A Good Statement on Faculty Speech from Syracuse
I'm a believer in positive reinforcement, and when university leaders do the right thing they should get credit for doing so. Kent Syverud, the president of Syracuse University and a former law professor, did the right thing. Other university presidents should take notes.
An assistant professor of political science at Syracuse chose to use the anniversary of September 11th to make a point about "heteropatriarchal capitalist systems." Her tweet generated some backlash. The university responded as universities should in such cases—by defending free speech and avoiding any temptation to praise or condemn the professorial speech in question. The full statement:
This weekend marked the 20th anniversary of the 9/11 attacks. It was a time to reflect on the senseless loss of life, the heroism of many and how that event shaped our country and the world.
Recently, one of our professors shared thoughts on 9/11 on social media. These comments have been the subject of much scrutiny and vehement disagreement by critics. That is their right, just as our professor has the right to free speech, however uncomfortable it may make anyone feel. What cannot be tolerated are the harassment and violent threats that we have seen in response that have been directed at this professor. Our Department of Public Safety is in contact with the professor and has engaged the support of federal, state and local law enforcement agencies.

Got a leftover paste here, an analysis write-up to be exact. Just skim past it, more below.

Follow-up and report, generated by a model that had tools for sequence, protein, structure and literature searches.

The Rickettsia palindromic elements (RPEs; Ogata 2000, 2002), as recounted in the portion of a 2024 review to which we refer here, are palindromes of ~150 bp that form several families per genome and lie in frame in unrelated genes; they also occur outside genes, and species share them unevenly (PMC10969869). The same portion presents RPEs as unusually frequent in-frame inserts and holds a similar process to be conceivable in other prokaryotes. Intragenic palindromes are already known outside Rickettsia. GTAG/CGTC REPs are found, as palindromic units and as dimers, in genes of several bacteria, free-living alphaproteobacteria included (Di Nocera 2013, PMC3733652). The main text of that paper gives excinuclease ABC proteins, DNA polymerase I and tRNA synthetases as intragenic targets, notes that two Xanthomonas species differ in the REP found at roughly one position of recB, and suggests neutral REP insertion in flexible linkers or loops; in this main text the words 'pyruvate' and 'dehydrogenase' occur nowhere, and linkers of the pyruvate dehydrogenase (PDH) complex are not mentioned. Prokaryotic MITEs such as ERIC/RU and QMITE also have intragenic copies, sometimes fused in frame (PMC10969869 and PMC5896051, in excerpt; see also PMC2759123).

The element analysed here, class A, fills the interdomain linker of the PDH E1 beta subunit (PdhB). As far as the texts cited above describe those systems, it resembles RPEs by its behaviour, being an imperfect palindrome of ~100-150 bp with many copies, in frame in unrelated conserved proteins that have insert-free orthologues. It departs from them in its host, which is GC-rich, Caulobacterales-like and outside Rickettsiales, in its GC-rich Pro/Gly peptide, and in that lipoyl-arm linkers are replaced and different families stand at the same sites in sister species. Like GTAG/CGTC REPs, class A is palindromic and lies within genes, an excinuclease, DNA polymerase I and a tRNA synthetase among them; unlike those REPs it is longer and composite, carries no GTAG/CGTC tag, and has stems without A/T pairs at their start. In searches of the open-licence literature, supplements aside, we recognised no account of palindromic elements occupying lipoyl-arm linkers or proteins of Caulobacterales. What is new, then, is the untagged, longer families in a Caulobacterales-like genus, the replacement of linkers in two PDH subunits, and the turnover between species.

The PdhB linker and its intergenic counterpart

Some have asked the University to condemn the professor's comments and others have demanded the professor's dismissal. Neither of those actions will happen. As the home of the Maxwell School of Citizenship and Public Affairs, free speech for all people across the political spectrum, within the limits of the law and the University's anti-harassment policy, is one of our key values. Speech can be offensive, hurtful or provocative. Still, Syracuse University will stand by the principles of free speech and by our commitment to keeping our community safe in the face of threats and harassment.
As some have noted, Syverud was much less vocal when a professor was targeted by campus activists and denounced by members of his senior administration for calling COVID-19 the "Wuhan Flu or the Chinese Communist Party virus." On that occasion, FIRE had to remind Syracuse about its obligations when professors say controversial things. Far from vocally defending that professor, Syracuse instead suspended him and launched an investigation over whether he should be further sanctioned and perhaps fired, contributing to FIRE awarding Syracuse a "Lifetime Censorship Award." That professor's case dragged on for months before Syracuse finally reinstated him.
One hopes that Syracuse has learned its lesson and will now aggressively defend free speech regardless of whether it is off-campus right-wing activists or on-campus left-wing campus activists attacking it. In this case at least the university did a good job, and it should keep its statement handy as a template for the next time someone gets upset because a professor said something naughty.